Jaworski's opinion of Weeden has changed since the preseason when he thought the Browns were rushing Weeden.

"I did not think he was ready to become a starting quarterback in the NFL," Jaworski said. "Now he has gotten better every week. He still needs to improve, but I think he will improve.”

Posted by's James Walker

 Former Cleveland Browns quarterback Bernie Kosar laughs during a visit to the Cleveland Browns training camp, Thursday, Aug. 16, 2007, in Berea, Ohio.
 AP Photo/Tony Dejak
 Bernie Kosar hopes to bring a championship to Cleveland.
As fans of the Cleveland Browns can attest, conference championship games have never brought much luck to Bernie Kosar. Despite how well Kosar would play, quarterback counterpart John Elway and the Denver Broncos always found a way to one-up Cleveland and punch a ticket to the Super Bowl.

But 20 and 21 years after "The Fumble" and "The Drive," respectively, Kosar is back in the conference championship game once again -- this time as president of the Cleveland Gladiators of the Arena Football League.

Cleveland will face the Philadelphia Soul Saturday, July 12, for a chance to play in the Arena Bowl.

Many football people believe conference title games can be just as difficult -- and sometimes more difficult -- to win than championship games. Kosar agreed with that assessment based on personal experience.

"Most people think that if you don't win it all, it's not a success," Kosar said Wednesday via conference call. "But basically you're playing the cream of the crop, the best-type teams [in conference championships]. It's not an accident that I believe us and Philadelphia are still playing. And when you're playing at the highest level, somebody has to lose."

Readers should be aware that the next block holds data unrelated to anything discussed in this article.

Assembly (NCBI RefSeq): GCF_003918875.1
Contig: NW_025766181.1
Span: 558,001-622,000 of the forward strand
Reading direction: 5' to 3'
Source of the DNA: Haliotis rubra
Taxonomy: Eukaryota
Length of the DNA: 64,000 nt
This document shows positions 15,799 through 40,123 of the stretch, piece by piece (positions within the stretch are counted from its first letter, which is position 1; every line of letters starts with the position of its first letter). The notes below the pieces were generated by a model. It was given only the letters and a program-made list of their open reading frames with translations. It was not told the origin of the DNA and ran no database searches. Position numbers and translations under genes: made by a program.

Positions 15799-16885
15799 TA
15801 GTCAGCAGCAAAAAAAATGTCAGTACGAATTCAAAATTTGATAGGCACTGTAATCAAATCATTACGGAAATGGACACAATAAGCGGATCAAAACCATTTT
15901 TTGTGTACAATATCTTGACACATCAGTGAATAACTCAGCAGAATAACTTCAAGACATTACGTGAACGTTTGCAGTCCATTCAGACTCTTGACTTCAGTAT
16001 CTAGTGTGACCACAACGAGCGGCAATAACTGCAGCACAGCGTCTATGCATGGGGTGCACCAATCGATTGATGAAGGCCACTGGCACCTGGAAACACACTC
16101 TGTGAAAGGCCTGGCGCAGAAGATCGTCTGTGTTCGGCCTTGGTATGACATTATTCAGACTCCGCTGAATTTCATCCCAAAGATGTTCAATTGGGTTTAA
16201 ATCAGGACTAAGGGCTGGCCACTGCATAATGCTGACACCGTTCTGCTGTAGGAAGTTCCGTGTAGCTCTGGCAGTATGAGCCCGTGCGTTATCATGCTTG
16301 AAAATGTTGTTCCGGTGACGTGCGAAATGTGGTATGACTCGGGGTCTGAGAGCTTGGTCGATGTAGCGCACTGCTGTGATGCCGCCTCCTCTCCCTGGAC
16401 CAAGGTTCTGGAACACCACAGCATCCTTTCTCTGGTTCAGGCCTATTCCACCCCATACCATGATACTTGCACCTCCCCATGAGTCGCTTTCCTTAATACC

Kosar aims to not come up on the short end in the conference championship again this weekend.

The matchup pits two championship-deprived cities. Philadelphia hasn't won a pro sports title since the 76ers were NBA champions in 1983. Cleveland hasn't won a pro championship since the Browns did it in 1964, before the merger.

Although Elway owns an arena team, he is not standing in Kosar's way this weekend. But former NFL quarterback and current ESPN analyst Ron Jaworski is.

Jaworski is president of the Soul and, like Kosar, also is trying to bring another title to the city he once played in.

"We really have two cities that are starving for a championship," Jaworski said. "I can speak for Philly, and I know the Cleveland organization feels the same way. We're very proud to represent our cities."